Chimpanzees are the only primates known to frequently engage in warfare – other than humans, of course. Knowing this connection of inter-species aggression that humans and chimpanzees share, researchers postulated that the fight-or-flight response probably played a significant role in helping us primates adapt to the threat of warfare during our evolution.
In a recent study published in PLOS Genetics, researchers looked for changes in the regulation of the ADRA2C gene, which affects the sympathetic nervous system, which in turn regulates the fight-or-flight response. Jung Kyoon Choi of KAIST in Korea and Soojin Yi of Georgia Tech analyzed genomes, transcriptomes, and epigenomes from multiple humans, chimpanzees, and other primates. Transcriptomes are the entire set of genes expressed in a cell, while epigenomes are made up of a variety of compounds that can bind to DNA and affect gene expression.
Their results showed that humans and chimpanzees acquired genetic and epigenetic changes that reduce ADRA2C expression, which results in increased signaling for the fight-or-flight response. However, these changes are not present in macaques and are not consistently found in bonobos. This suggests that the genetic variations recently spread in the population may have occurred in response to threats of war, as these variations are only universal in humans and chimpanzees.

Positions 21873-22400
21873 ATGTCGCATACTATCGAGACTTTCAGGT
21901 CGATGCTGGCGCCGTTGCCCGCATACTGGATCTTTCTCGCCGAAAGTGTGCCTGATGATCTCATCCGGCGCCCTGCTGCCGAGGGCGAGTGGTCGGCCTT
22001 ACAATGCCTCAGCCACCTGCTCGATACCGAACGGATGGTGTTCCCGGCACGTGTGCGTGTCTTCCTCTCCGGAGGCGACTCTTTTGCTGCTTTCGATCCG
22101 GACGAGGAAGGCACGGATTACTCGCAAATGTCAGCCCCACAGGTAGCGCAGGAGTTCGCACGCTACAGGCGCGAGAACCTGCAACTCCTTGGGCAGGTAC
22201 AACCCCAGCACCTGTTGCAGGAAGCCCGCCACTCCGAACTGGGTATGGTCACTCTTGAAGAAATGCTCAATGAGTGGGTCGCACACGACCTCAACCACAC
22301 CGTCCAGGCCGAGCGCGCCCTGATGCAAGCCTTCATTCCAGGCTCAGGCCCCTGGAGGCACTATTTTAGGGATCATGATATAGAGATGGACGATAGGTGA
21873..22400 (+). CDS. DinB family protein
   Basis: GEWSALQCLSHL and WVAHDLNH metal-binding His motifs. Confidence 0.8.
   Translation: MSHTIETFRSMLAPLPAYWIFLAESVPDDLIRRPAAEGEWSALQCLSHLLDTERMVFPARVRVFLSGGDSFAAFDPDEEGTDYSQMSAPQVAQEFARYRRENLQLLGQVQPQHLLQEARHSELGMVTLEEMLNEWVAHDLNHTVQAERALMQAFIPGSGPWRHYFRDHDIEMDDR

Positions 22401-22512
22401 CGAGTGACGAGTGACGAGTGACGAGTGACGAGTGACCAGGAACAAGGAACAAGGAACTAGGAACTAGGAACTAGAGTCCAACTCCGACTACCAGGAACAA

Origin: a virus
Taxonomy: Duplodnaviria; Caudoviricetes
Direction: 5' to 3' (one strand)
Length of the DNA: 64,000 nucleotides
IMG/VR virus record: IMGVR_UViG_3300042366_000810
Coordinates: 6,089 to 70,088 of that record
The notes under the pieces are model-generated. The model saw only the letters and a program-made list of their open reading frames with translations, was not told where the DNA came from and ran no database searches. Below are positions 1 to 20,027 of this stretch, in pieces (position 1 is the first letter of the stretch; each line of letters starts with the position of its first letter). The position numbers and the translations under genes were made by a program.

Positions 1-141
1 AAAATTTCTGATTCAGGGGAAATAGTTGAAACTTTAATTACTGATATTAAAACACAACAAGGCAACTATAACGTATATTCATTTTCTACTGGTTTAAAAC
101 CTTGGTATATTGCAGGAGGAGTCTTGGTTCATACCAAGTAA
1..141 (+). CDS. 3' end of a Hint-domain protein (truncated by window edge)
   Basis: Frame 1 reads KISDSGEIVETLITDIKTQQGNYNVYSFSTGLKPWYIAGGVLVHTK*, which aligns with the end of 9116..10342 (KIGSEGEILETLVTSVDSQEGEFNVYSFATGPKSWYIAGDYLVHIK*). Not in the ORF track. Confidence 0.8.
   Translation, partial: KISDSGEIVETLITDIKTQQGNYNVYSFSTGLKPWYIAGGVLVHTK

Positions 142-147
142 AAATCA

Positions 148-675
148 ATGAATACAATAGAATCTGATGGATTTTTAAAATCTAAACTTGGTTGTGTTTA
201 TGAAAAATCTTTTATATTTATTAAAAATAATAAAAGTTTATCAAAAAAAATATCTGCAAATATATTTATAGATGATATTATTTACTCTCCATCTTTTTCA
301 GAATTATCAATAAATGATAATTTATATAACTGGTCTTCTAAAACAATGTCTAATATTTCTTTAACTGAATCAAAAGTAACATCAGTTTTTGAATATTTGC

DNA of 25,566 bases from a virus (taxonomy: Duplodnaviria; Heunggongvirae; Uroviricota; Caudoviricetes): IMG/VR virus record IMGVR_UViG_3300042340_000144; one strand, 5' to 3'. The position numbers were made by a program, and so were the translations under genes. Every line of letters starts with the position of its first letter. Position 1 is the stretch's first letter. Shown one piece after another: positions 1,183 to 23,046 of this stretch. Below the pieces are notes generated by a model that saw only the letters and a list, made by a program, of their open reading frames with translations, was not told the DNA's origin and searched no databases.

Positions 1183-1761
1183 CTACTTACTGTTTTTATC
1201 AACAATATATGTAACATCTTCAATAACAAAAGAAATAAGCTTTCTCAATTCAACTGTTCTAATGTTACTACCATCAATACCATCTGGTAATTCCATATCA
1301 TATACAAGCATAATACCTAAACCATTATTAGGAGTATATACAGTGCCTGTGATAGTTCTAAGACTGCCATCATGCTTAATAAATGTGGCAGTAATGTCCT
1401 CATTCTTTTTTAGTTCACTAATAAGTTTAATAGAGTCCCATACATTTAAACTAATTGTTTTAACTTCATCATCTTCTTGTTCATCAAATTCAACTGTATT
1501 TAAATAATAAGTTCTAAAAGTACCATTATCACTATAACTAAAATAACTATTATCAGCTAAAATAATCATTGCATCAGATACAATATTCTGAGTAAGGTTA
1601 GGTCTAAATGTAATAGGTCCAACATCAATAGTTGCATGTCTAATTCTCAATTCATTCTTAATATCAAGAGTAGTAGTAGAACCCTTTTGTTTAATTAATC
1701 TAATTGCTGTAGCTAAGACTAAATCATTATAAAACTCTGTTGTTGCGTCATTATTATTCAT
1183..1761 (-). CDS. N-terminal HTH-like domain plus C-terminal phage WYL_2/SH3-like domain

The researchers also used the genome-editing technique known as CRISPR/Cas9 in order to show that reverting to the genetic states of macaques and bonobos can restore ADRA2C expression. Knocking out expression of this gene in mice has a significant effect on fight-or-flight, and changes in the gene that happened over time during chicken domestication likely resulted in less aggressive chickens.
So what do these findings mean? The authors believe that the signatures of adaptations linked to reduced ADRA2C expression in both chimps and humans may have significantly influenced their evolution, and may even have played a major role in the roots of human warfare.